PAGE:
Thanks for the kind words, Mr. Goff. As much as I’d like to contribute to a blog in a more formal way, my day job requires me to keep my identity hidden, and I doubt your readers (or readers on any blog) are going to appreciate an anonymous author.

    Well, if you’re too busy at the moment for blogging, that’s perfectly understandable. I *should be* too busy for blogging…

    As for anonymity, I know a few people who blog anonymously (like Mr X over at ChairForce Engineer) to avoid getting in trouble at work. I don’t think any of us would mind having an anonymous third coblogger–but when it comes to taking risks with one’s job, I’m not going to pressure you.

    But please keep up the good work. I think you’re one of the few engineers I’ve run into who has an appreciation for the budget, policy, and political environment that drives our civil space program, and accurately reflects that environment in his proposed design solutions.

    Thank you! I’m glad someone thinks that. I’ve always tried to tie together the technical, policy, and economic implications as best as I can. Unfortunately I’m a lot stronger on the former than I am at the latter two.

    The devil is always in the details and a more thorough review might reveal technical roadblocks for some of your concepts. But they are exactly the sort of thing that NASA should have examined more completely in ESAS. If there is ever a future, independent revisit of ESAS, I hope that innovative, bite-sized, and step-wise approaches like your concepts get into the mix.

    I hope so too. Alas, I’m really not holding my breath for NASA to do the right thing. They seem to be headed for a train-wreck right now, and I’m not sure if it will be salvageable. So, I’m doing my best to think through alternative, commercial oriented approaches to “route around the damage” so to speak.

    I’m not sure if I’ve found anything truly solid yet, but I am trying to work that angle.

    I’ll try to visit and comment every so often.

    Thanks! Comments (critical or supportive) are always welcome. That’s part of how I figure things out.

    ~Jon

  9. Jon Goff says:

    Joe Blow,
    Careful about demonstrated reliability numbers. Without confidence intervals, they’re useless. The way Doug Jones of XCOR once put it, the simplest rule of thumb (for a 95% confidence interval) was to assume that the next two flights both failed. Use that to calculate the reliability. So, with 8 successes and no failures, they’ve only really demonstrated an 80% reliability at a 95% confidence interval.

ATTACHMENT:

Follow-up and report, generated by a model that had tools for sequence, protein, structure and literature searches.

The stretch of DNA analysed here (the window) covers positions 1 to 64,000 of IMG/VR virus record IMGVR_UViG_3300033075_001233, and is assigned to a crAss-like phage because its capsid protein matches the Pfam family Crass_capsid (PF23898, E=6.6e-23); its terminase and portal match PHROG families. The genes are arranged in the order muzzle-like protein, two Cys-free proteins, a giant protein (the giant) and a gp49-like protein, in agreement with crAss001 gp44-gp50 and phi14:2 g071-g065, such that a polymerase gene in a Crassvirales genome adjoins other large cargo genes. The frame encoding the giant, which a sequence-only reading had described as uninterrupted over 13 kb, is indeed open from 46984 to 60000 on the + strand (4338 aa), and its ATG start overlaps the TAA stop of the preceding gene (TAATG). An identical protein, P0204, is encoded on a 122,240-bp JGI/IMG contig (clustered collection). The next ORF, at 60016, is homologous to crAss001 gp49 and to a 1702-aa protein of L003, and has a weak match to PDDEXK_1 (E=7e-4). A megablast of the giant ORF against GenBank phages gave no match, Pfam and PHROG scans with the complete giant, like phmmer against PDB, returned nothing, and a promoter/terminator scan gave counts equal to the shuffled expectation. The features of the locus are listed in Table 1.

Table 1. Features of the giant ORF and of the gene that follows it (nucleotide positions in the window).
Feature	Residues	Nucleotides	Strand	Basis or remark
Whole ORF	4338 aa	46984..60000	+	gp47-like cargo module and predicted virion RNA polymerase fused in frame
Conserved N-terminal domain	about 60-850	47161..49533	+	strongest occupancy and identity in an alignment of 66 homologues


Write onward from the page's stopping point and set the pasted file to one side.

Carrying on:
Confidence intervals take into account things like luck, and random distribution of failures. It’s possible that a given vehicle really only has a 98% reliability in reality, but you’ve gotten lucky so far. See the Saturn V for instance.

    But the overall idea that demonstrated reliability is more real than “paper reliability” is valid. It’s just way too easy to miss important factors when doing that.

    ~Jon

  10. cIclops says:

    jon goff wrote: First off, notice that they didn’t specificy a confidence interval. And it’s a good thing.

    Thank you for your reply.

    ESAS Section 8 Risk, figures 8-18 to 8-21 give mean LOC/LOM together with the 25% and 95% CI.

    Engineers use numbers to analyze complex systems, numbers derived from qualitative understanding and experience. Quantitative methods are necessary to make rational decisions. To reiterate, what other method is there for comparing the reliability of unbuilt systems?

  11. Jon Goff says:

    cIclops,
    The problem is that component based reliability estimates like they did are notoriously inaccurate. They can give a general, qualitative feel for the relative safety of various approaches (and hence can be used to some extent for comparing and selecting between boosters), but the quantitative numbers are almost useless. I can pretty much guarantee you that Ares I will never fly enough to prove a reliability of even 98% at a 95% confidence interval. In the past, similar studies using similar methodologies have been drastically wrong. They ignore many of the important causes of launch vehicle failure, including human factors.

    In other words, predicted reliability should be treated at best as a rough qualitative decision making tool, not as a rock-solid quantitative tool. Assuming that somehow you can predict in advance exactly what the failure modes of a vehicle can be and what the odds of each happening is naive. There are so many assumptions and so many factors left out of such studies that they are quantitatively suspicious.

    Ares-I will not have a LOC statistic anywhere near ~1:2100 like they claim. Especially not at a 95% confidence interval. I wouldn’t even be surprised if they managed to kill a crew during the planned operational lifetime of this vehicle.

    Assuming that a bunch of people who’ve never designed and fielded a launch vehicle have somehow come up with a revolutionary expendable launch design that is so much more reliable than anything designed by people who’ve been building them their whole life is just naive. Trusting those numbers as though they’re gospel truth is poor engineering.

    ~Jon

  12. Mike Täht says:

    I enjoyed reading your thoughts on the NASA budget – so much so that I abridged a version and recorded it – dripping with sarcasm – as a podcast this morning.

    Hope you get a kick out of it.

  13. Jon Goff says:

    Mike,
    Bravo! Thanks for podcasting that,
    you did a much better job than I could’ve done. You have my permission to do the same for other posts whenever you want.

    ~Jon